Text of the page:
LMC offers advice, resources to Menahga City Council
Dan Greensweig, administrator of the League of Minnesota Cities (LMC) Insurance Trust, advised the city council to resolve conflicts or potentially see restrictions to city insurance coverage.
Dan Greensweig, administrator of the League of Minnesota Cities (LMC) Insurance Trust, personally attended Monday’s Menahga City Council meeting to give them fair warning: Resolve the ongoing, internal city conflict or face possible restrictions to the city’s insurance coverage.
Most of Minnesota’s cities belong to LMC Insurance Trust, a self-insured membership pool. Losses in one city affect the other cities, he explained.
Greensweig gave examples – Maplewood, Greenfield and Lake Elmo – where lack of civility on the city council and staff turnover led to lawsuits. The LMC Insurance Trust, he said, sunk over $1 million into claims in each situation.
The trust then “took the extremely unusual step of restricting the coverage we provided to those cities. We don’t do it lightly. When things are seriously off track in one of our members, though, it’s not fair to expect other cities to suffer the consequences of that, and that’s when we’re forced to take action,” he said.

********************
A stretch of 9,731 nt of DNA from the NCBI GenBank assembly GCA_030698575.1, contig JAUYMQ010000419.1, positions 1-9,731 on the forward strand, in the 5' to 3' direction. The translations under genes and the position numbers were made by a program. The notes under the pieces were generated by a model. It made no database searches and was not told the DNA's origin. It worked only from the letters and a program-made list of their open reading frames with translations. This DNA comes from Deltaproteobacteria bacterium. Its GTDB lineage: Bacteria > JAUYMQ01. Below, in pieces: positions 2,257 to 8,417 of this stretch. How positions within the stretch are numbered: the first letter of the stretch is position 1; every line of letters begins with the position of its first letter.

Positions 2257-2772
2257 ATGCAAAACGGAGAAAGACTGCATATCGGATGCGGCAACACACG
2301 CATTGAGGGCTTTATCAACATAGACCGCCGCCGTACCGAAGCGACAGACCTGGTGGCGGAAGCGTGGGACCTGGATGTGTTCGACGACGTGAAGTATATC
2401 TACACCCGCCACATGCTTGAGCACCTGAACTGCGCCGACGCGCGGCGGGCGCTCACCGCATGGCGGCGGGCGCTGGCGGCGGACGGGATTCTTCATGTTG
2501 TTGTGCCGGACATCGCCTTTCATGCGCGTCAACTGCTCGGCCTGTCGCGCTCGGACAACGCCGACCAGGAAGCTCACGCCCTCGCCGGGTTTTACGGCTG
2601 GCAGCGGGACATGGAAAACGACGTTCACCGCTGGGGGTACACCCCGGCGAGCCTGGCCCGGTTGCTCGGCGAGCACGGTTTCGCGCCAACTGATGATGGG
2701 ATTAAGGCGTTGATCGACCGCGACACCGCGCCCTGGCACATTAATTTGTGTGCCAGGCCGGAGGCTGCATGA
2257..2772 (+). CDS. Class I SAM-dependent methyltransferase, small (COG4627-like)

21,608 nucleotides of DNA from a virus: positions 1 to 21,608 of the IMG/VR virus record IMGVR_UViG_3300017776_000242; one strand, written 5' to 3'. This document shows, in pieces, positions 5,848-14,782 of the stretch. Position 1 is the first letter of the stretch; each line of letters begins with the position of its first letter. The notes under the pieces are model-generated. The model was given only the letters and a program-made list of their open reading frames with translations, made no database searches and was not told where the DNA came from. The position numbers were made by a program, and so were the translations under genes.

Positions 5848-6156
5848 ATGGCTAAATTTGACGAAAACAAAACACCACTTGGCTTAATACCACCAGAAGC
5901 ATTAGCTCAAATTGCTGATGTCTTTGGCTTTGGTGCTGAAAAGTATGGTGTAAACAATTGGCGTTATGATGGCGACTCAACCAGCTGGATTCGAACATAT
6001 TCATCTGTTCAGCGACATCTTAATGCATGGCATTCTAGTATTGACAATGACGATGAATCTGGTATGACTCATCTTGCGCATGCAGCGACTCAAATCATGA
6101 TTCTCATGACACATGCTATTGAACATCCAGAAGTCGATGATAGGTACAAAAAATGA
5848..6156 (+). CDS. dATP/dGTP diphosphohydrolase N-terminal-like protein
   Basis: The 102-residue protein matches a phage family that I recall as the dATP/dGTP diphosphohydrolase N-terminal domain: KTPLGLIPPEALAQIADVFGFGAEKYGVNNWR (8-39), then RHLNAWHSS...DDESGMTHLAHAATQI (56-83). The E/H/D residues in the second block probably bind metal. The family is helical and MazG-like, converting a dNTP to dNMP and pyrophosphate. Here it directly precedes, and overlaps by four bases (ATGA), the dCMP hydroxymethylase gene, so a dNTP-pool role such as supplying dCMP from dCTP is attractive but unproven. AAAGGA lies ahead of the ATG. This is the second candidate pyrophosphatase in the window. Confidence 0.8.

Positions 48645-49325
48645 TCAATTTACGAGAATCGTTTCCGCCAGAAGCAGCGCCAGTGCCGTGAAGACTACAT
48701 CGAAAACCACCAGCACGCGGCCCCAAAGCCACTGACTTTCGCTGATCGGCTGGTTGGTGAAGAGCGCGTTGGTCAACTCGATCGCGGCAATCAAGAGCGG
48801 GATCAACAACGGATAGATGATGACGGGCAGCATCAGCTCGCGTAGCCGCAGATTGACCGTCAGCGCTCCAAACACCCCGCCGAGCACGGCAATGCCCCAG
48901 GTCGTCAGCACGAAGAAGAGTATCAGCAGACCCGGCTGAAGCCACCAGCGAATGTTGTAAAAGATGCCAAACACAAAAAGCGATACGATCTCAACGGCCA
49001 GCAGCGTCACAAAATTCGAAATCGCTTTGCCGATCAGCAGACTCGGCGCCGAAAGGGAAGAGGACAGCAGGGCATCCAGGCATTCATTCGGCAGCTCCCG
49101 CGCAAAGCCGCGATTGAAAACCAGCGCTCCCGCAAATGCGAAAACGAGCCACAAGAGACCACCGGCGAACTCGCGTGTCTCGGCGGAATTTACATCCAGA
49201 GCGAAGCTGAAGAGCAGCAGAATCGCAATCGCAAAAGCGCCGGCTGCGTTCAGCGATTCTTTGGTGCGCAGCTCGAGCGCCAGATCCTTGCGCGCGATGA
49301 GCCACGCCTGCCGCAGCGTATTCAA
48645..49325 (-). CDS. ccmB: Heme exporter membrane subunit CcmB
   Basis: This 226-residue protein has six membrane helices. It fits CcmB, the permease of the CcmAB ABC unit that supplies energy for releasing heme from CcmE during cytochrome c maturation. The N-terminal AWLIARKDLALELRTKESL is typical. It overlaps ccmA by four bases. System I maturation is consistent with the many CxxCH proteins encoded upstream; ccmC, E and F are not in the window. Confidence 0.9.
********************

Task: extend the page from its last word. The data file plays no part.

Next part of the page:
In the 41-year history of the trust, Greensweig said coverage has been non-renewed or restricted only a handful of times. It was difficult for that city to find other insurance “at any kind of price, whatsoever.”
Greensweig emphasized that LMC Insurance Trust has no opinion about the city council’s policies. They do care that decisions are lawful and that all council members and the public-at-large are deserving of respect, he said. LMC also provides resources for addressing lack of civility and resolving conflict.
Greensweig pointed out, “Incivility is not the same as disagreement. Democracy depends on people having different views and feeling free to express those views. When it becomes a problem is when people stop listening to each other and start personalizing disagreements. It’s really important to avoid demonizing people because they disagree.”
Compromise is what makes democracy work; it’s not a weakness, he continued.
Greensweig noted an LMC facilitator can guide the council through discussions.
Council member Art Huebner, while live streaming the meeting to his personal Facebook page, started to list his grievances over the past three years.